Bathing is a routine care procedure that exposes preterm infants to prolonged handling, which could cause stress and potentially disrupt infants' biobehavioral responses. The aim of this double-blind randomized crossover trial was to compare the preterm infant's body temperature, heart rate (HR), peripheral capillary oxygen saturation (SpO2), salivary cortisol levels, and sleep-wake states during and after swaddled and conventional tub baths. Forty-three infants born at 32 to 36 weeks postmenstrual age, weighing 2225 g or less, were enrolled in the study. Infants were videotaped before and after each type of baths. The time interval between baths ranged from 24 to 72 hours to allow a washout period. Physiological, hormonal, and behavioral responses were collected at baseline and during recovery from baths. No significant differences in the mean body temperature, HR, SpO2, salivary cortisol levels, and sleep-wake states between the bath types were observed in the baseline or recovery responses during the first 20 minutes after bath. Regardless of bath type, salivary cortisol levels showed a nonstatistical significant increase.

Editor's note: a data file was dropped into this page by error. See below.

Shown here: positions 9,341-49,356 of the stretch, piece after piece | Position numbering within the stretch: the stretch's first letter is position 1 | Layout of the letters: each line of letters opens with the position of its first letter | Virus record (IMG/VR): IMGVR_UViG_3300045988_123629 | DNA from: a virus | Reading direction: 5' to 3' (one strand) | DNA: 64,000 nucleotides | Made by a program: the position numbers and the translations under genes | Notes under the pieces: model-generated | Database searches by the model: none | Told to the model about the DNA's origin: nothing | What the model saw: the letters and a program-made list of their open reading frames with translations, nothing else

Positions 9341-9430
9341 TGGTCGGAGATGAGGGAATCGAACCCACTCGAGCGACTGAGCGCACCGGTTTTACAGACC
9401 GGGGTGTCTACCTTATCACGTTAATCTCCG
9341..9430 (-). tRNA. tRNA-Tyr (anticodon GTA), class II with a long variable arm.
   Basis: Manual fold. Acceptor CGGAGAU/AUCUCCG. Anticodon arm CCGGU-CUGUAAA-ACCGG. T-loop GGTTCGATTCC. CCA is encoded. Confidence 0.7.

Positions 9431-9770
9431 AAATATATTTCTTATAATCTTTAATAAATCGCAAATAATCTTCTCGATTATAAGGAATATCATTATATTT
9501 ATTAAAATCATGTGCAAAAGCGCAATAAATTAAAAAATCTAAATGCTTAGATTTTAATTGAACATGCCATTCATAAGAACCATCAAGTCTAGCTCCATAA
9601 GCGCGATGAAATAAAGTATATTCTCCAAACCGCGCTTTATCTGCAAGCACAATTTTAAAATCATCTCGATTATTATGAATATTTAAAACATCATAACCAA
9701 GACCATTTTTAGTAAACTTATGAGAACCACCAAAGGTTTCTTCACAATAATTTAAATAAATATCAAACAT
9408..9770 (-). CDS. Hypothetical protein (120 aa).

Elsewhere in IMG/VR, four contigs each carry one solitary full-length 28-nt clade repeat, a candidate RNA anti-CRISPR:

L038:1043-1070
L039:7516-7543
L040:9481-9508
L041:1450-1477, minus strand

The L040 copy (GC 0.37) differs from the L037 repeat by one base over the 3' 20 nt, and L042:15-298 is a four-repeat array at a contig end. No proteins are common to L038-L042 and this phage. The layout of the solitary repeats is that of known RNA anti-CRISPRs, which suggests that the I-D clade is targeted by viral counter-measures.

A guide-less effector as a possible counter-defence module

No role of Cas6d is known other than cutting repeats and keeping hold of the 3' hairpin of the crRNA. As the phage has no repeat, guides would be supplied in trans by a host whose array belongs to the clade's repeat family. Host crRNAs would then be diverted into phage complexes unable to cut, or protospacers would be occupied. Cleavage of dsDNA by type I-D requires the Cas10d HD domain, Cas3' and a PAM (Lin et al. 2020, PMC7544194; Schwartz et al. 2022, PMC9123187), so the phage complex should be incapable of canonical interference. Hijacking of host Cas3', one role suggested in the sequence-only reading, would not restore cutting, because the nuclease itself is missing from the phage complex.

School of Nursing, University of Sao Paulo, Sao Paulo, Brazil (Drs Freitas, Bueno, and Kimura); Duke University School of Nursing, Durham, North Carolina (Dr Holditch-Davis); and University of North Carolina at Chapel Hill School of Nursing (Dr Santos).
Corresponding Author: Patrícia de Freitas, PhD, RN, School of Nursing, University of Sao Paulo, Av. Dr. Enéas de Carvalho Aguiar, 419, Sao Paulo, SP, Brazil, 05403-000 (email@example.com).
This research was funded by the Sao Paulo Research Foundation (grant # 2013/23884-1, PIs: Drs Freitas and Kimura). The authors thank the parents who agreed to let their babies participate in this study.
Clinical Trial Registry: This trial was registered at the Brazilian Registry of Clinical Trials (UTN # U1111-1151-5469).
Disclosure: The authors have disclosed that they have no significant relationships with, or financial interest in, any commercial companies pertaining to this article.
Each author has indicated that he or she has met the journal's requirements for Authorship.
Submitted for publication July 31, 2017; accepted for publication December 7, 2017.